“I just wanted to homefront pioneer for a long time since I moved to the U.S.,” Rasekhy says. While she was living in Monrovia, another L.A. suburb, her rent was rising and a junior youth group she was animating had dispersed. She was glad to hear her friends tell her, “‘So just come and join us!’ And so I went and yeah, that was really confirming.”
One memorable evening, everything rose to the next level. After a day filled with activities, the four friends found themselves at an apartment complex, conversing, listening, and connecting with the children.
“We ended up at the apartment complex for an entire night, just involved with what was going on with the kids and their lives there,” says Fierro. That night marked a significant moment of learning and growth, the birth of their nucleus of activity.
Fierro, Rasekhy and Eghterafi were focused on growing the junior youth spiritual empowerment program, which serves ages 12–14. Meanwhile, participants in the children’s class that Chou began several years ago had advanced to that age range. The junior youth group “stole all my people,” Chou jokes.
One of those young people provided another in a series of confirmations reaffirming the four friends’ path of service. The team was focused on growing family devotionals. “When we set, like, 10 goals we’ll probably achieve four or five,” Rasekhy observes. “Well, that was one of the goals. … The confirmation that came there was really, really sweet.”
A junior youth participant, who had learned to sing prayers years earlier in Chou’s children’s class, told them that she sings the prayers with her younger siblings every night. “It just brings them a lot of joy and helps them sleep,” Rasekhy says.
The culture of saying prayers naturally found its way into the life of the family. Now the team continues to work with families, with Chou and Fierro hosting dinners and sometimes junior youth day camps.
Another confirmation involved one of the mothers in their community: Martha, age 29 with five children, including a junior-youth-age daughter.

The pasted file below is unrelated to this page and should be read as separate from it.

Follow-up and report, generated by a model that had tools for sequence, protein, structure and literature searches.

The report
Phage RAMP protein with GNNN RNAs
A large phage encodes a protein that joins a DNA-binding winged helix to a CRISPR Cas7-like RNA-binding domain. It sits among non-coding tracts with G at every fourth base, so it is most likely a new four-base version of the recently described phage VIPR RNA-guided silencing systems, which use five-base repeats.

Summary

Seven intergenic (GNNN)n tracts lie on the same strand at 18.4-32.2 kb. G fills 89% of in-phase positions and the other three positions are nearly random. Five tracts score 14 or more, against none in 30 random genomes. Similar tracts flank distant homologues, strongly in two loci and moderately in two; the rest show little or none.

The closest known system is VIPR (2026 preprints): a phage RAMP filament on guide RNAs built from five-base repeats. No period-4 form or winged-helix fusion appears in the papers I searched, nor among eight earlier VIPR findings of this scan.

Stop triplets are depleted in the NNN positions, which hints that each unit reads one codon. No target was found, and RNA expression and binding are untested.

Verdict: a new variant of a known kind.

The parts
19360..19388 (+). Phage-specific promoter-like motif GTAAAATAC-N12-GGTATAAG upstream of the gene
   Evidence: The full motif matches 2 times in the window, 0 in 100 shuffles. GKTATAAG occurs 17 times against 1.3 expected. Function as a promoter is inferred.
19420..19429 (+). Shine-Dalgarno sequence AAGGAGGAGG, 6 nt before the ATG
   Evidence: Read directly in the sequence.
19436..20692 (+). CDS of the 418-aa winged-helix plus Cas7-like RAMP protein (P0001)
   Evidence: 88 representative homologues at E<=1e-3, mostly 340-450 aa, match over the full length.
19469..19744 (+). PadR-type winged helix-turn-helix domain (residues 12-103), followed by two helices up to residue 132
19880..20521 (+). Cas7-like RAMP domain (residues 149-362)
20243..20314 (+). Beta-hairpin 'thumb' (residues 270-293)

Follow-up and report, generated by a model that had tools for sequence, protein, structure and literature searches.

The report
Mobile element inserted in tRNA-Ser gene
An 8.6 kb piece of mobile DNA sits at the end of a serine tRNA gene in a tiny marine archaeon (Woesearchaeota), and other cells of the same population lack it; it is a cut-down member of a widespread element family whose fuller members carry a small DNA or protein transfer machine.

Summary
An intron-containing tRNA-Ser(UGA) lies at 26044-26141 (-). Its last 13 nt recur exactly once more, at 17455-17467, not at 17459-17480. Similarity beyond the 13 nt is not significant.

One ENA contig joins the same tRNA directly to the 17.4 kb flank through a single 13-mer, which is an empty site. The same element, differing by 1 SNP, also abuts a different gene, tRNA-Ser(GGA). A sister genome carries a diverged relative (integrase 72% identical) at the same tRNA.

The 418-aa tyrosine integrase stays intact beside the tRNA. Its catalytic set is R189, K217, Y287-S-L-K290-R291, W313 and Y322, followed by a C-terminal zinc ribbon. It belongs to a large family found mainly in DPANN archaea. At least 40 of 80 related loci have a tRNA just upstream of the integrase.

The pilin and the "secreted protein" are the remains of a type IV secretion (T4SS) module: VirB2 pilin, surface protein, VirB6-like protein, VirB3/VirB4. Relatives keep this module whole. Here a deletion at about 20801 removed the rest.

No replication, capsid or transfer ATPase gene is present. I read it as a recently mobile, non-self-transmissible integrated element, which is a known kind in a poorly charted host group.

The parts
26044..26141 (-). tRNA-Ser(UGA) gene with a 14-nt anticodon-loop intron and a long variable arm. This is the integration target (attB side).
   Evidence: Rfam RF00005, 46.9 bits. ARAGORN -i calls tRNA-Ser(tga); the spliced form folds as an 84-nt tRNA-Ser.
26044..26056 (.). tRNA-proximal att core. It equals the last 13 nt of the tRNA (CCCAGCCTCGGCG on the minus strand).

Chou says, “I had been having home visits about education and the importance of education for their 12 year-old, and it ended up being a conversation where Martha, the mom, was like, ‘But what about me? I need to learn,’ She’s only been able to receive a kindergarten education from Guatemala. And so, yeah, we’ve been meeting together and we’ll study the junior youth books together in Spanish and practice the letters and then learn the words and circle words we don’t know.”
This process of working with Martha reflects the beginning of thinking about a just system of education for a whole community, where knowledge is accessible to all. With the help of her community, Martha has enrolled in English classes for adults in Pasadena Community College.
Their journey living in the Rosemead Boulevard area tells a simple yet profound narrative of faith, dedication and the potent force of community. Chou—who has since enrolled as a Bahá’í—along with Fierro, Eghterafi and Rasekhy, say their unwavering commitment to nurturing the spiritual development of children and youth is not only transforming their community, but also strengthening their own bonds of friendship and faith.
The confirmations, they believe, were not mere moments of validation; they were stepping stones toward building a vibrant and thriving community.